Photo by Marlayna Demond for UMBC

Dr. Freeman Hrabowski, President of the University of Maryland Baltimore County.

Here is an excerpt from our conversation. Mary Christie Quarterly: How would you define the challenge UMBC is aggressively addressing? Dr. Freeman Hrabowski: Most people don’t realize that almost half of the students who begin college don’t graduate. And when we talk about first-generation students, students of color, a much higher percentage never graduate.

And so it’s important to talk about not just access to higher education, but success at higher education. Certainly cost is an issue and I think that sometimes people don’t realize how different the cost will be across institutions. It is important we teach families how important it is to consider the cost, even after financial aid and scholarships, and in relationship to their budget.

But the other big issue has to do with reading and math skills and the fact is that so many students don’t have the strength of skills they need if they are to succeed. For minority students, if the students are from a low-income background, the fact is well over half will begin college in developmental math and reading. And the probability of a student graduating from college after beginning in developmental math is under 20


percent. We know that. So that says we need to find ways, in terms of creative strategies, to develop and support stronger math and reading skills, which are more important than ever.

rate of incompletion in these majors. It doesn’t surprise people that only 20 percent of Blacks and Hispanics who begin with a major in science will graduate in a six-year period with a major in science.

College completion is also the pathway to graduate degrees and I believe that we should be thinking right at the start about the percentage of students who will go on to graduate school. This is something we’ve worked very hard at here at UMBC and I am proud to say that 40 percent of our students in the sciences go immediately to graduate or professional schools.

What is surprising to most is that only 32 percent of whites and 40 percent of Asians who started out in these majors will stay in them, so we have a fundamental problem with the migration from STEM for students of all races.

MCQ: Why have you made that such a prominent goal?

Countries all over the world are recognizing how important these areas are and are investing heavily in technology education. We are just not producing the numbers we need. Women are far more involved in technology throughout the world than they are in this country. Thirty years ago,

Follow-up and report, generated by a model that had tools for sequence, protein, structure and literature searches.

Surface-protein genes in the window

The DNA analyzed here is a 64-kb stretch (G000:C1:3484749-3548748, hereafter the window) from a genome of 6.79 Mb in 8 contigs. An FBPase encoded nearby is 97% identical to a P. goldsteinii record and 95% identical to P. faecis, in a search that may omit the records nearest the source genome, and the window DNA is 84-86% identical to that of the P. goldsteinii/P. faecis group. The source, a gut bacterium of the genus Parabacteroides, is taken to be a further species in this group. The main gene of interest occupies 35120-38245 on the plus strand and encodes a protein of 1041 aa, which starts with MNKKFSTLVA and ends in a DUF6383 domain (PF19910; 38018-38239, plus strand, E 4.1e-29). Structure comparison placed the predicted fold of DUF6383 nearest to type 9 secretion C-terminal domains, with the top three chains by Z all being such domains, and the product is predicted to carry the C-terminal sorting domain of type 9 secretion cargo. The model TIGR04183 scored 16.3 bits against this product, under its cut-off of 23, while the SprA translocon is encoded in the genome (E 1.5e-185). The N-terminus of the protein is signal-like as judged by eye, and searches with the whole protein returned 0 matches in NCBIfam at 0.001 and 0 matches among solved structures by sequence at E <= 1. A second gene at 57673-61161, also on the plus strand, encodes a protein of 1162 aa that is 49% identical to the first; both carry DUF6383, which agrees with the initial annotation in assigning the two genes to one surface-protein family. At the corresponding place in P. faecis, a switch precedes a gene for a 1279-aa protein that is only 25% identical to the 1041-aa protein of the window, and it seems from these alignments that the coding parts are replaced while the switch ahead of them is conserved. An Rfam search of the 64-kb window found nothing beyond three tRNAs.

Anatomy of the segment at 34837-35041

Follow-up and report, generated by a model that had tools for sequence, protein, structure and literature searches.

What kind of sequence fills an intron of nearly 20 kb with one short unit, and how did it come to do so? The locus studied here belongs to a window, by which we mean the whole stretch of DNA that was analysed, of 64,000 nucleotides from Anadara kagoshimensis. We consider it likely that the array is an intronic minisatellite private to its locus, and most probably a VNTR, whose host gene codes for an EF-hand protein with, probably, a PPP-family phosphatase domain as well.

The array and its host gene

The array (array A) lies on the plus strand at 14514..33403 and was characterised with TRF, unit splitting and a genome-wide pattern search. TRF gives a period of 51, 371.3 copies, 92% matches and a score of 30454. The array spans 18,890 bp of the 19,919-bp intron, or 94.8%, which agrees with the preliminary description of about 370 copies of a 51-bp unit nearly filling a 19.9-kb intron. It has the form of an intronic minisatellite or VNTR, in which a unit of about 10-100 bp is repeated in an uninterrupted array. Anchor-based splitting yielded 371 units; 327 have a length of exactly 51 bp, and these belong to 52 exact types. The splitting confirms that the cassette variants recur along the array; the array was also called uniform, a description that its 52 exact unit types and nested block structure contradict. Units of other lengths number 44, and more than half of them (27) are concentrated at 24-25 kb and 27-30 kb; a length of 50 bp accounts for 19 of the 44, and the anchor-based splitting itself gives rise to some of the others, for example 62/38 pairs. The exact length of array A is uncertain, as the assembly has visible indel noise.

MCQ: How are you addressing these issues at UMBC? FH: We are changing the culture of college success and of college science. We have this mindset in this country that only a few people can succeed in science and math and we tend to define quality in terms of exclusivity. We talk about these areas as “weed out courses.” If most people are not succeeding in these courses, we think, “Oh, that’s good. That means it’s really hard.”

At UMBC, we believe we need to have very high standards for the rigor of the work, but we also must have very high standards for the level of support that we give stucollege success – dents in order to reach that bar. That’s the difference.

FH: It’s really a national imperative. I had the privilege of chairing the National Academy’s Committee on Underrepre- We are changing the culture of sentation in and of college science. Science. What we found was that only about 5 peralmost 36 percent of all the cent of the Bachelors degrees majors in computer science in our country are in natu- were women. Today, we’re ral sciences and engineering, down to under 20 percent, so compared to about 11 percent we have half the population in Europe. At the same time, not functionally participating we know that a large percent- in the global market in terms age of the jobs being created of technology careers. will require strong technology backgrounds and other broad Women, people of color, STEM areas. low-income students and first generational students – these Part of the problem is the are all groups we have to en06